Salk: It’s go time — why this is Mariners most important offseason ever
It’s go time for Jerry Dipoto, John Stanton and the entire Mariners organization.
Mariners Offseason Tracker: Keep up with moves, free agents and more
The 2021 team did its part. The players outperformed their expectations. The manager built a winning culture and nearly took his undermanned group to the postseason.
Now it’s time for the front office to help that group take the next step.
When free agency officially opens Monday and the 30 MLB general managers gather to talk in Carlsbad, Calif., the most important offseason in Mariners history will be underway.
Yes, I think it is the most important offseason, and I don’t say that to undersell what happened in the mid-1990’s when the franchise was saved at the zero-hour from bolting to a warmer climate. There is no now without that moment. But, respectfully, this is the opportunity to create the roster that can get this team to its first playoff appearance in over 20 years and eventually its first World Series.
The Mariners took a tremendous risk in 2018 when they opted to strip down a roster that was competing for a playoff spot until the final days of the season. They dealt away stars, restocked the farm system, and planned to come back with some young stars that could form the nucleus of a championship future.
They took on further risk by taking down payroll. Some of that was the necessary outcome of a roster full of youngsters – any player with fewer than three years of service gets paid the major league minimum. But as they dealt away more and more payroll, the tacit agreement with fans was that the savings would be reapplied when the team reemerged from its self-created hibernation.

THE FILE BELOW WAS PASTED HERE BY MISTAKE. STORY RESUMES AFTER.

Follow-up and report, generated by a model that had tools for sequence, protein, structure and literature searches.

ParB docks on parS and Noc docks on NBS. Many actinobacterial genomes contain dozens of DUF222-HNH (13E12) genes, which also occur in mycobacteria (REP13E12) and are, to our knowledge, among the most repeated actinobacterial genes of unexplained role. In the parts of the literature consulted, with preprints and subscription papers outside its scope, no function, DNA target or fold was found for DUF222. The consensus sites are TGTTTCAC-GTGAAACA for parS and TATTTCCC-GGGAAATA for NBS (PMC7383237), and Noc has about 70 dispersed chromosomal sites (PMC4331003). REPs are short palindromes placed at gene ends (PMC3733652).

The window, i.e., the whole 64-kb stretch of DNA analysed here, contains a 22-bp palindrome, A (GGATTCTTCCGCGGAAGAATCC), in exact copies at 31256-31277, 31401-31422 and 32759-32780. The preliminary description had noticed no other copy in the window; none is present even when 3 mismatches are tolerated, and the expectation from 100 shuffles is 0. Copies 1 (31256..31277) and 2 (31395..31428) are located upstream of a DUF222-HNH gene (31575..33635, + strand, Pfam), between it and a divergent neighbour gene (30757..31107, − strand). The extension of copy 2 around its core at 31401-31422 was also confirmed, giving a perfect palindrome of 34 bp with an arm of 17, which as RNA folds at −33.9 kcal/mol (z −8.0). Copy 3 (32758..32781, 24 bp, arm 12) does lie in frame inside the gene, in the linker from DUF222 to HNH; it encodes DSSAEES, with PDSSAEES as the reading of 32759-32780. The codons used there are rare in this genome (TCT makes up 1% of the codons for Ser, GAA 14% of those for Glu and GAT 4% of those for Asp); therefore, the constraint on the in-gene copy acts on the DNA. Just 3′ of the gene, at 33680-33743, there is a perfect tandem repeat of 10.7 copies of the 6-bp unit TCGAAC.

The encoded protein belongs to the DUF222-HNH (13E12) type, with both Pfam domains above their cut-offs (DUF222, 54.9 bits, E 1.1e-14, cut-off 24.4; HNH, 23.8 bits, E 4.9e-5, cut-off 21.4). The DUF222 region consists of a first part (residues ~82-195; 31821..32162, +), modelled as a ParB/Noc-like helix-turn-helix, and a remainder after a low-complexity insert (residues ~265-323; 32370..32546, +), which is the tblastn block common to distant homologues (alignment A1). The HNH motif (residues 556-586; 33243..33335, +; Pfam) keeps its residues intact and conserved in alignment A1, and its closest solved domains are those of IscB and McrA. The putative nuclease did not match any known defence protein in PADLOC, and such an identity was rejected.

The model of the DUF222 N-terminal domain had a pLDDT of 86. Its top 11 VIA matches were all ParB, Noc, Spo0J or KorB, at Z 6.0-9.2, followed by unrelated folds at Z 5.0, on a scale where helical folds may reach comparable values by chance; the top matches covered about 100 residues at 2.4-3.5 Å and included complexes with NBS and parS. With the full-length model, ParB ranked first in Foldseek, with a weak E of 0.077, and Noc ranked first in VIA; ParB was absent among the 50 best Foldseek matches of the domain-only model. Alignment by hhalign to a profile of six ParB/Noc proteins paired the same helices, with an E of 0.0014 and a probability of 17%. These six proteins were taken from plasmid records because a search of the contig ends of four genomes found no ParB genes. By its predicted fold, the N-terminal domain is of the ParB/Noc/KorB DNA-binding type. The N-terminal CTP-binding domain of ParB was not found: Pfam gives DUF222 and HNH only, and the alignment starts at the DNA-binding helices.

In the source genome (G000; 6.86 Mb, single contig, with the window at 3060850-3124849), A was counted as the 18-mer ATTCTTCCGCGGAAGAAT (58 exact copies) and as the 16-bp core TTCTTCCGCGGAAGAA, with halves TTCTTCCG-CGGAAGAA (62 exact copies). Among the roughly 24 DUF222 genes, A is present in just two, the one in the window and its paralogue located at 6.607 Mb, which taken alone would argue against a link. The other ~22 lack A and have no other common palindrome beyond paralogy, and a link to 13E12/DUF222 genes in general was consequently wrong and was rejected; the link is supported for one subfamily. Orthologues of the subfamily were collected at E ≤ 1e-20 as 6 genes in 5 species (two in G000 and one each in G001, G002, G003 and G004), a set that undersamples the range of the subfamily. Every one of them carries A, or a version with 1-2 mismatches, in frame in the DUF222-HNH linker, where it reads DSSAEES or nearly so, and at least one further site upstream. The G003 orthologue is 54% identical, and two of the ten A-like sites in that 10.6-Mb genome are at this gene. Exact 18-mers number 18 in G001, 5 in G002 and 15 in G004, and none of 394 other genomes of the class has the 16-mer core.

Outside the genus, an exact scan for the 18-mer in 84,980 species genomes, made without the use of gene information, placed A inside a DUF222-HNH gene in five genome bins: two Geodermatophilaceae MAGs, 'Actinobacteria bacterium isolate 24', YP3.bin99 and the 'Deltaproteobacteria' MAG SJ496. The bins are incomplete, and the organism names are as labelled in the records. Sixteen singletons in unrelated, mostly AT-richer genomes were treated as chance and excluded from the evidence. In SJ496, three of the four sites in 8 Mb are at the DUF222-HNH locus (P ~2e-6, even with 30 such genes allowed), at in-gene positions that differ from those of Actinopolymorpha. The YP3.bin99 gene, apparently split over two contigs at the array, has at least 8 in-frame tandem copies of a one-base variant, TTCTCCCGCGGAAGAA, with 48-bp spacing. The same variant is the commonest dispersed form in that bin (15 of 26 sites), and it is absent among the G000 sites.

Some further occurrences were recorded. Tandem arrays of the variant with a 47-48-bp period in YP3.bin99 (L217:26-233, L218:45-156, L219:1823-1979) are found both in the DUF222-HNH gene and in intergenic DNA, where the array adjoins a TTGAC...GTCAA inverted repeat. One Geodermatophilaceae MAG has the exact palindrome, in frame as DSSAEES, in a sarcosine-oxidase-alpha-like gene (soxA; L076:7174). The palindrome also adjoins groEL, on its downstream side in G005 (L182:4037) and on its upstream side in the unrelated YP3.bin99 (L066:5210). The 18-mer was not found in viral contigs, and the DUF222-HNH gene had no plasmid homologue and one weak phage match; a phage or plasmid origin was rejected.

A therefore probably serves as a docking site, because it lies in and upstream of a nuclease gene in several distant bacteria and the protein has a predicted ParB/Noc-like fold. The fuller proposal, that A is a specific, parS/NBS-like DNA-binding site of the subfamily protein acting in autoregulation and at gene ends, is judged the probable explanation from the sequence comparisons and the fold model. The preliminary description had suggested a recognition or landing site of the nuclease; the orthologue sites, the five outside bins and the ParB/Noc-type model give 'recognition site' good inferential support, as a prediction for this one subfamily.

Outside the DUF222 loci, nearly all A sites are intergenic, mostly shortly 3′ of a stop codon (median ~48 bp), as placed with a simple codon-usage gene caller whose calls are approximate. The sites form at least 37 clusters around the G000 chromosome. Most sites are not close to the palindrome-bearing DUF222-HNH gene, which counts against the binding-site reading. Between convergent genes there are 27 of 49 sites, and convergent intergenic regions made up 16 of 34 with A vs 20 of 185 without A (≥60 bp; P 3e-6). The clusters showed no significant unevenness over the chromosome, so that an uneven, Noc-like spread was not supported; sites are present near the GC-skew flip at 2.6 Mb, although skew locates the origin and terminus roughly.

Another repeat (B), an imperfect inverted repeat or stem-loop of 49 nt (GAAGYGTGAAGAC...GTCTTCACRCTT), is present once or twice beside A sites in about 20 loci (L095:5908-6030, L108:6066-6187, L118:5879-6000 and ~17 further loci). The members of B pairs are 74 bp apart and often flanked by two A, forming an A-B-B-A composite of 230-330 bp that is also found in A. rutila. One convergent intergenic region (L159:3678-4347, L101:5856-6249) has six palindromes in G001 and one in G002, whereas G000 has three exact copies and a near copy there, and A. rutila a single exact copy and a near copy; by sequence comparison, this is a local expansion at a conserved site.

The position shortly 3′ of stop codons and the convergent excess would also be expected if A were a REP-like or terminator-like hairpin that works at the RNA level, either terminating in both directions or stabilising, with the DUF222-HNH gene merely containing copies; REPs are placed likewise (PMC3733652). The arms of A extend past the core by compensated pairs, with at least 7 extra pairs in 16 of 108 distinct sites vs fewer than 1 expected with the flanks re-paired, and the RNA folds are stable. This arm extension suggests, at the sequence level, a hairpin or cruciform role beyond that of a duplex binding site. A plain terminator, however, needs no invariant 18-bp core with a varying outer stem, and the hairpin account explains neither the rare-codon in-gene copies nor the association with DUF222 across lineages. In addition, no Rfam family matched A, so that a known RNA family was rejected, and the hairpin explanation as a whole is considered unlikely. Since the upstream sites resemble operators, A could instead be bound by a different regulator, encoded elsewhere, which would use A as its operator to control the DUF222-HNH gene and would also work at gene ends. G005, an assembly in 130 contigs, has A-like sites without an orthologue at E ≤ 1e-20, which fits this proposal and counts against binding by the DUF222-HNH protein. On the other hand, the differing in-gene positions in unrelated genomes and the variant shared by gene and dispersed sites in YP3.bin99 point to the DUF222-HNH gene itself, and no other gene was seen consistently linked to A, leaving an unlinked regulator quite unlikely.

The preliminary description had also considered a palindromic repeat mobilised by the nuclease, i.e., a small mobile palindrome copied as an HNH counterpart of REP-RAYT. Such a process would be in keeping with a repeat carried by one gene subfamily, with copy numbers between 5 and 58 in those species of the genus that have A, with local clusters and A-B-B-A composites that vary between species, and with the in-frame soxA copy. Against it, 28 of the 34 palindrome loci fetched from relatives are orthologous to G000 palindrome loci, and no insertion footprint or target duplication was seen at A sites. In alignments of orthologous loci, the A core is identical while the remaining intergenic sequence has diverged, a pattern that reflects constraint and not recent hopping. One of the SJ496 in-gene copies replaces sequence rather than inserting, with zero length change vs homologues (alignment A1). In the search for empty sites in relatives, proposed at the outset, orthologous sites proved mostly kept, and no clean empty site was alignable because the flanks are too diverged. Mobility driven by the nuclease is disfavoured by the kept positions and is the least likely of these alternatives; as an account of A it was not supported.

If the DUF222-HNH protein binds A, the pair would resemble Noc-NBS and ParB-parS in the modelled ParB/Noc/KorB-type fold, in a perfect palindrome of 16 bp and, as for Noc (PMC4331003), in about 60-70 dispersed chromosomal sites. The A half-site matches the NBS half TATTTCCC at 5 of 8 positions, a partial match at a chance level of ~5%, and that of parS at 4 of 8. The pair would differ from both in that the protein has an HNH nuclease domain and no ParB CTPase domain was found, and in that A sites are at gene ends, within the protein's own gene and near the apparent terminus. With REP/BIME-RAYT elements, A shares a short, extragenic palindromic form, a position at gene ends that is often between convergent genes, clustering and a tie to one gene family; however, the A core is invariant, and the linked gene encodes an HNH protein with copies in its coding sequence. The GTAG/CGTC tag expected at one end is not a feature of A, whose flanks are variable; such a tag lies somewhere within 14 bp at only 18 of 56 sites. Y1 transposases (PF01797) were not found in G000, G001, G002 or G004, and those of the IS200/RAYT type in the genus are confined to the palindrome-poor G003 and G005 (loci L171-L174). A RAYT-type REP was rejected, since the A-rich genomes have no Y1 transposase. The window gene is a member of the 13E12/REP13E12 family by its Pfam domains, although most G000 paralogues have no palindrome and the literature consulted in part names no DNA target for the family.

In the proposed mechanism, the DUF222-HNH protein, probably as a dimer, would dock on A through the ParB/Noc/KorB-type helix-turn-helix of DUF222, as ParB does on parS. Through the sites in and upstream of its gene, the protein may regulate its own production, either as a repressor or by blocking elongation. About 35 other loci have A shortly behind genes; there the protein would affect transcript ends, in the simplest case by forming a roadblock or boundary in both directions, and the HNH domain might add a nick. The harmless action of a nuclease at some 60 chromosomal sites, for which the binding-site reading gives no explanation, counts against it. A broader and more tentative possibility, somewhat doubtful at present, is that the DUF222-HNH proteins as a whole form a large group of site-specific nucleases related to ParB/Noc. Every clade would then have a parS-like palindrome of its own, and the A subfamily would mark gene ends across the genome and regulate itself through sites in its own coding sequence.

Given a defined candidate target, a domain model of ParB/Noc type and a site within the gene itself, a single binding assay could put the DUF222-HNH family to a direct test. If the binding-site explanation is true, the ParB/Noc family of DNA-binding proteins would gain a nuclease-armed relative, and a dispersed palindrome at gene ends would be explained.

Well, like a bear in spring, nap time is over. And just as that bear needs to find immediate food for its hungry cubs, so too does this group need to feed its starving fan base.
The Mariners have some $45 million committed to payroll next year. An additional $85 million would get them to the league average from 2021, and $105 million would get them just to where they were in 2018 when they spent $155 million.
They don’t need to spend every one of those dollars in this offseason. Spending money requires players that want to accept your offer. I also don’t think they should take on contracts that they’ll regret years from now when they’ll want the additional flexibility to retain budding stars like Jarred Kelenic and Julio Rodríguez as their free agency approaches.
But with plenty of money to spend and a free agent class that is worthy of the investment, this is a perfect match for Dipoto and company to set up the future. Throw in the tradable assets that the team has in its top rated farm system and the stage is set to go big.
As big as any offseason yet.
More Mariners coverage from 710Sports.com
• Jerry Dipoto Show: M’s sights set on “centerpiece-type players”
• Casey Sadler: Mix of “different styles of arms” key for M’s bullpen
• Talking Mariners Podcast: Names to watch, Seattle’s “untouchables”
• Drayer: Offseason starts with surprise as Yusei Kikuchi elects free agency
• Reliever Paul Sewald goes in-depth on secret to bullpen’s success